I don’t plan to write any more about the private issues of Mr. Bolton. As I have written, I am very uncomfortable with such an approach, but I think that those who are trying to white-wash his past need to know that there are others who have information that won’t be helpful. This should be a debate about his public “fitness” for the job — and on that front, he loses in the eyes of many.
But as a reminder to readers, TWN was the first to post the images above during the last election season. These mailers were sent by the Republican National Committee to church parishioners in West Virginia, Ohio, Arkansas, Pennsylvania, and other states. However, it took Ed Gillespie — then head of the RNC — more than two weeks to admit ‘ownership’ of the flyers.
They created quite a media stir that bobbed around for weeks, with John Edwards finally speaking to the grotesqueness of this type of politics from a Southern Baptist church pulpit one Sunday.
My sense is that John Bolton did not promulgate such flyers, but they did come from the wing of the Republican party that is most enthusiastic about his nomination to the U.N.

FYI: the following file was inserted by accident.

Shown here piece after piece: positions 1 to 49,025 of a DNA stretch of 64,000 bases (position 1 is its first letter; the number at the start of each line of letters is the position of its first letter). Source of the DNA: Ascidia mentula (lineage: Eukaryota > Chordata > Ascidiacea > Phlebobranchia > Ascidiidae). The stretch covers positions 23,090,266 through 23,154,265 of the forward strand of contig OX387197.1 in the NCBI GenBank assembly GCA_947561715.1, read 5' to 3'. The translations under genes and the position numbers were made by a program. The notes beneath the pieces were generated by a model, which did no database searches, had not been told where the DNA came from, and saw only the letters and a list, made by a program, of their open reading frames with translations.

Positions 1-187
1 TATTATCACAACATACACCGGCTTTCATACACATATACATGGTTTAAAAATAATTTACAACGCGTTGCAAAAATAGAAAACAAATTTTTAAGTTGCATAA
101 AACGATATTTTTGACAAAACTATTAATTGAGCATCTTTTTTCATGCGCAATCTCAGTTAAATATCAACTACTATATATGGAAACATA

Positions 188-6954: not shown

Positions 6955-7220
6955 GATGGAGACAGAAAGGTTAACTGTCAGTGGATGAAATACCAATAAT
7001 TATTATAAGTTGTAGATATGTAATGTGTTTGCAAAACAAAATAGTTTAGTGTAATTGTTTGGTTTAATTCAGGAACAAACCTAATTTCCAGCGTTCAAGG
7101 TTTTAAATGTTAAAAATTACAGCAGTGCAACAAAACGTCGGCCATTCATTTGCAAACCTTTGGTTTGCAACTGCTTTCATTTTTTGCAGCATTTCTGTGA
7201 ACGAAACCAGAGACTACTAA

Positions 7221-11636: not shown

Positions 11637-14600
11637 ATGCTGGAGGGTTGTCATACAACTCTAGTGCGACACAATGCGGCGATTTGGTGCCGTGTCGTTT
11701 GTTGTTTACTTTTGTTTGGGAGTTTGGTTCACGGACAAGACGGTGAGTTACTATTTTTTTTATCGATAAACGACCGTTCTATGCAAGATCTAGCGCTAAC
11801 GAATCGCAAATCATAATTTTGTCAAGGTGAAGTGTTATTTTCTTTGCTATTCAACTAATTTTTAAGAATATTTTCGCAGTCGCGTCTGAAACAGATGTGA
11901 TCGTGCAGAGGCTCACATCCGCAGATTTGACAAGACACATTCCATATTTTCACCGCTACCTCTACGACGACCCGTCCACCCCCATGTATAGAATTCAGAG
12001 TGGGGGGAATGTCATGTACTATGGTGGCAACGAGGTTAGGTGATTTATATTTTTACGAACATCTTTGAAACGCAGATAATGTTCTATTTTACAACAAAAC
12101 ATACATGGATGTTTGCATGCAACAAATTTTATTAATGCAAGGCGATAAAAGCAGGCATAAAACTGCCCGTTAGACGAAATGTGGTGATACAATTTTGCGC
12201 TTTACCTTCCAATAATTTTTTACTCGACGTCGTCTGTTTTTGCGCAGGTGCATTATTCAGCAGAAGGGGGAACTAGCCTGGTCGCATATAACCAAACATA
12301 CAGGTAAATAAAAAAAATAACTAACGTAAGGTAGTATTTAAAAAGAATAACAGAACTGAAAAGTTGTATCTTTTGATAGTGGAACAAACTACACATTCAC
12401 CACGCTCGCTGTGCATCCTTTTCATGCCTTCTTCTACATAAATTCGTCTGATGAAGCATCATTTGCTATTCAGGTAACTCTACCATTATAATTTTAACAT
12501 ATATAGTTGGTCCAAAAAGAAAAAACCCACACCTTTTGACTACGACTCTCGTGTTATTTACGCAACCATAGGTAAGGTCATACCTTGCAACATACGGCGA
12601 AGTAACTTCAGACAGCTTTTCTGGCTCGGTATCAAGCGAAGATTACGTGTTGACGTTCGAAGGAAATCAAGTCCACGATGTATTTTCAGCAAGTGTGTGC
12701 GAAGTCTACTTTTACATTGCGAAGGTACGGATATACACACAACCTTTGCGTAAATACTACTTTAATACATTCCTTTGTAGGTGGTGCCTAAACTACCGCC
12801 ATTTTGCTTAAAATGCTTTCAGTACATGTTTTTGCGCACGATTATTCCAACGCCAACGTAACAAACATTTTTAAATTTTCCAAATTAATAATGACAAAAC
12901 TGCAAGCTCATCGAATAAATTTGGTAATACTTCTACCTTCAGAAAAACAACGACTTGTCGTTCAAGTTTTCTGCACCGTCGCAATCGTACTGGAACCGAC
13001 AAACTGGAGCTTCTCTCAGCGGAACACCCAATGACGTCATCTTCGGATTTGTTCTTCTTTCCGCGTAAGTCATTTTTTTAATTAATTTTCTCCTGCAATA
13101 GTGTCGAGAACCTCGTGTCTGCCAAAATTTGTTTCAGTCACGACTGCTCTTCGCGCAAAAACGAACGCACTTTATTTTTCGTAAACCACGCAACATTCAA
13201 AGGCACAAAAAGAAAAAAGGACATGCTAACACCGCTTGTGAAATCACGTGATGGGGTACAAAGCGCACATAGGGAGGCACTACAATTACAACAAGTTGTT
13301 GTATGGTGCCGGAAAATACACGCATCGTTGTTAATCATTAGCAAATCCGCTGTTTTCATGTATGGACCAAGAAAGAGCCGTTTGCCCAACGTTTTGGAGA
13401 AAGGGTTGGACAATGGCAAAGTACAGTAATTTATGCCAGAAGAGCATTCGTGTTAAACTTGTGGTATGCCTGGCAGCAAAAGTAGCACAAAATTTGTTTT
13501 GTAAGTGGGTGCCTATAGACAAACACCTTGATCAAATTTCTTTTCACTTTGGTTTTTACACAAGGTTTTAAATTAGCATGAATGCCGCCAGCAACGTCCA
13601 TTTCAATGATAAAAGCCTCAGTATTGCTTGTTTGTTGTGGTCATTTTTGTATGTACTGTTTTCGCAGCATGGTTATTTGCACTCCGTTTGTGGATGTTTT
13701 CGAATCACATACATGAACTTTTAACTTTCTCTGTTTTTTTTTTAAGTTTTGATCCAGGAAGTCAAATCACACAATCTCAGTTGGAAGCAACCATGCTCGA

There are lines that are blurred too often between the public and the private, between secularism and faith, between appropriate media treatment of public personalities and irresponsible coverage.
I just want to acknowledge to readers that these lines are complex and complicated. TWN prefers the high road but wants to make sure people know that the lines that were crossed when John Bolton “stopped the vote count” in Florida in the 2000 election, and when he served as Jesse Helm’s PAC’s cost-free attorney, and when he overlooked the foreign financing and highly partisan activities of a non-profit, non-partisan institution he was running that was later stripped of its non-profit status. The biggest lines crossed were those of pounding the intelligence apparatus at the State Department to acquiesce to Bolton’s personal view of challenges facing the United States, thus distorting reality to fit one to which he was ideologically predisposed.
Lots of lines have been crossed. The media must do a better job, particularly if it keeps delving into the personal background of John Bolton as a way to validate his brand of high-handed, pugnacious, and mean-spirited nationalism. What has been done has been more white-wash than investigation, and that cannot be allowed to stand unchallenged.
Later I will be back with a statement as to what it is those of us concerned about American interests and standing in the world are concerned about.
— Steve Clemons